Drink and Drug Driving

Drink Driving 

 

It is an offence for a person to drive (or attempt to drive) on a road or other public place with excess alcohol. It is also an offence to be in charge of a vehicle with excess alcohol.


Ordinarily, you will be the subject of a roadside breath test where the standard of your driving has given rise to a suspicion that you may be under the influence. Alternatively, you may have been pulled over during a random stop check and then either confirmed that you have consumed alcohol or given rise to a suspicion that you have by way of your demeanour. 


If the police suspect alcohol consumption, or indeed you confirm this, then you will then be required to provide a roadside specimen. A positive result from this will result in you being escorted to custody and placed on the evidential breath machine. 


You will then be asked to provide two samples of breath.

 

Those samples cannot usually be delayed whilst you wait for legal advice. The result of the lower reading of those two samples will determine whether the proportion of alcohol in your breath exceeds the legal limit and so whether you will be charged and required to attend Court. The police may also require you to provide a sample by way of blood or urine. If you refuse to provide a specimen without reasonable excuse, that is in itself a criminal offence. 


The penalty for drink driving depends on the reading which you provided and whether you have been convicted of this offence in the last 10 years (amongst other factors). 
The sentence for this (and most other) offences commonly dealt with in the Magistrates Court can be found in the Sentencing Council Guidelines which were updated in January 2017.

 

 
Drug Driving


It is an offence for a person to drive (or attempt to drive) on a road or other public place when the level of a specified drug exceeds the prescribed limit for that drug use. 


Whereas previously the police had to establish that the presence of drugs in your body had an adverse effect on the quality of your driving, that requirement was scrapped on 2 March 2015, making the offence easier to prove. If you are over the limit (and there are virtually ‘zero’ tolerances in relation to some drugs) then you will be guilty of the offence.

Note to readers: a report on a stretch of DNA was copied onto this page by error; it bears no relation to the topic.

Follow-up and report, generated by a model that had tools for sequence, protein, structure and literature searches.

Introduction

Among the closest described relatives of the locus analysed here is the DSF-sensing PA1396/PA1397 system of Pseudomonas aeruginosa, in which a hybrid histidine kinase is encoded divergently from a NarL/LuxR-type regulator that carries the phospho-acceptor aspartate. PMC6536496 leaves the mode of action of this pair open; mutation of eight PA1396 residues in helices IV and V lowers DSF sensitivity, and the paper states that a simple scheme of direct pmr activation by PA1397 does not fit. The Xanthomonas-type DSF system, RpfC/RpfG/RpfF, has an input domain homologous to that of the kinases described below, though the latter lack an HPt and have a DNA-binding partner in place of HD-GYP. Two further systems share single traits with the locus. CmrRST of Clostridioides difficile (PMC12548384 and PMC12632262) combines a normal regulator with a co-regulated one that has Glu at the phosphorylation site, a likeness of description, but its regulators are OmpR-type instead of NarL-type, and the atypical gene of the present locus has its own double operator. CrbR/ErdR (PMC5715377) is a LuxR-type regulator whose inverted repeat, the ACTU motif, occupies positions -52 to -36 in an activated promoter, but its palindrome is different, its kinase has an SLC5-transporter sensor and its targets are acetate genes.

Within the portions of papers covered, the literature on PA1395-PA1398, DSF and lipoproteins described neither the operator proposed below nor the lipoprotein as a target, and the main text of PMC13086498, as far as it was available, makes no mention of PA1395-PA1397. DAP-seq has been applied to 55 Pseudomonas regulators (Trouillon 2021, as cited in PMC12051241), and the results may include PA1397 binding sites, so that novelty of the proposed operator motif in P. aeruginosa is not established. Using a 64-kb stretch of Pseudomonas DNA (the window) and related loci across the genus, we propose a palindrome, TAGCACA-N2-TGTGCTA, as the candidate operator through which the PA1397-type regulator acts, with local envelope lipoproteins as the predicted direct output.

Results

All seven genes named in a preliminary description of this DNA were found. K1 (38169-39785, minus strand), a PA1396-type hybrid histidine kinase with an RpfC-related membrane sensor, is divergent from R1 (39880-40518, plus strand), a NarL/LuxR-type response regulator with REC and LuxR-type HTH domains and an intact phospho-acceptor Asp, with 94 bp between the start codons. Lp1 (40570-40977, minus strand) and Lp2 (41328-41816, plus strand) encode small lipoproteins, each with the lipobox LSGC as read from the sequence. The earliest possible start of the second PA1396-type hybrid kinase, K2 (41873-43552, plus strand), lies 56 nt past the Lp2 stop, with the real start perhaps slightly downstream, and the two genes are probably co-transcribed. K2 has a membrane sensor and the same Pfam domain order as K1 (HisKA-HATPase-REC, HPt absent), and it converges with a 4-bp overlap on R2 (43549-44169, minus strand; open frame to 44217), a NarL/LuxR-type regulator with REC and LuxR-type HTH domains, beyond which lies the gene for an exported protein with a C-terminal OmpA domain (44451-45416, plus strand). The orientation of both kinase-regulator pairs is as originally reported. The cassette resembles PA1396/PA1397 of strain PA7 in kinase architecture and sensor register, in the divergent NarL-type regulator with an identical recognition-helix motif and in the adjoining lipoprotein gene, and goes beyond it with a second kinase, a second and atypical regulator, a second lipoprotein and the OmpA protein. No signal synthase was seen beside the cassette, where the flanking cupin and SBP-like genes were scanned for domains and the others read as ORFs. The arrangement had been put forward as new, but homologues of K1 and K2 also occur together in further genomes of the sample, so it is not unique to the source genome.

It is a defence if you can establish that the drug was provided for medical or dental purposes, that the drug was taken in accordance with a prescription and the manufacturer’s directions and/or your possession of the drug immediately before taking it was not unlawful.


The penalties are broadly similar to those of Excess alcohol although the key factors for the Magistrates to assess when determining penalty and disqualification are your culpability and the harm caused. 

 

 

How do I choose a solicitor?

With a long and established career of representing clients at the police station and in the Magistrates Court we can advise you as to how to get the best result in the circumstances. We also specialise in tachograph offences like falsification and driver’s hours. 

If you have been summonsed to attend Court but would like to take provisional advice regarding the likely outcome then please get in touch. We will be able to give you a fixed price for submitting a plea in mitigation in writing, attending in your place or where appropriate attending with you in order to put forward your case. If you believe that you have been wrongly accused, then we can assist you to fight the case against you, using the best representation and experts at our disposal. 


Get in touch with CE Transport Law by calling our office on 01908 597970 or using the contact page here

CE Transport Law | Specialists in UK road transport law 
Cyber Essentials Badge Small (72dpi).png